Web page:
|$51,191||Porcupine Wood Products Ltd.||Sawmill worker injures hand after contacting unguarded chain-and-sprocket drive for saw outfeed roller conveyor||Repeat offence of failure to ensure that machinery was fitted with adequate safeguards to prevent worker contact with hazardous power transmission parts|
|$44,922||Dual Kloot Construction||Construction worker seriously injured after falling 5.5 m from barn roof||Failure to ensure proper use of personal fall protection system and provide necessary safety information, training and supervision (repeat offences); no anchorage connectors to lifeline|
THE YEAR IN WORKERS’ COMPENSATION
May: WorkSafeBC holds public hearings on the current Permanent Disability Evaluation Schedule (PDES), used to calculate permanent disability awards for workers.
June: WorkSafeBC adopts new policies to implement newly passed Bill 9 which establishes presumption that PTSD is work-related when suffered by police officers, firefighters, paramedics, sheriffs and corrections officers.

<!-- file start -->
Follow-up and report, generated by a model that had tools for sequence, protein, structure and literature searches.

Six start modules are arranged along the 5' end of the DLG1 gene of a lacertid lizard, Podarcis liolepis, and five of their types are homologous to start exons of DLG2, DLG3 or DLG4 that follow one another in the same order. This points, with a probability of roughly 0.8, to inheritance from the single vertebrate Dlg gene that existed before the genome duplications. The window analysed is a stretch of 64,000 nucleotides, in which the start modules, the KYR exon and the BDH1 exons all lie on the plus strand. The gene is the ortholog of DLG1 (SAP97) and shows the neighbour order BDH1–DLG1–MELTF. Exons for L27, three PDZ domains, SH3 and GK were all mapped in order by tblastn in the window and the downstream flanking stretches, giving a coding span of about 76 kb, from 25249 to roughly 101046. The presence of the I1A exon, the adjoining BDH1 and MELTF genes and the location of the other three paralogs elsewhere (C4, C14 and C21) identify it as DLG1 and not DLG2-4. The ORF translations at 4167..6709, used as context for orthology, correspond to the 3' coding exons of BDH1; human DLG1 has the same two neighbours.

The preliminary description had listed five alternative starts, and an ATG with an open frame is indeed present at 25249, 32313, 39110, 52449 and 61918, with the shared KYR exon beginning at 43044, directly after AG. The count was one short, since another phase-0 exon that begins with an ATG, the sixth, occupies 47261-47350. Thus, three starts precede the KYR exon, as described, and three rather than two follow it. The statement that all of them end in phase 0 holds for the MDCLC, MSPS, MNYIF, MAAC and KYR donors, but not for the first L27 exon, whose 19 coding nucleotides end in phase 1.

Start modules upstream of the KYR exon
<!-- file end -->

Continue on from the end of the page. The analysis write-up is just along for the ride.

September: Public review of proposed changes to Certificate of Recognition (COR) program offering workers’ comp incentives to employers for meeting safety standards more rigorous than OHS requirements.
November: WorkSafeBC holds public review on reconciling the rule requiring workers to file claims within 1 year of injury with the fact that mental disorder claims often take years to develop in an attempt to establish a new deadline policy.
December: WorkSafeBC proposes changes to simplify and reduce employer reporting and remitting obligations.
December: WorkSafeBC announces changes to PDES methods for assessing loss of strength, range of motion and vision disability taking effect on Jan. 1, 2019.
BC 2019 Workers’ Comp Rates
|2019 Average Assessment (per $100 assessable payroll)||2019 Maximum Assessable Earnings||2018 Average Assessment (per $100 assessable payroll)||2018 Maximum Assessable Earnings||2019 Filing Deadline (based on final 2 digits of account number)|
|$1.55||$84,800||$1.55||$81,900||Feb. 28 thru March 31|
TOP 3 OHS CASES
Here’s a summary of what OHSI voted the 3 most significant work safety cases decided in BC in 2018.
- Arbitrator Strikes Down Random Drug Testing as Privacy Invasion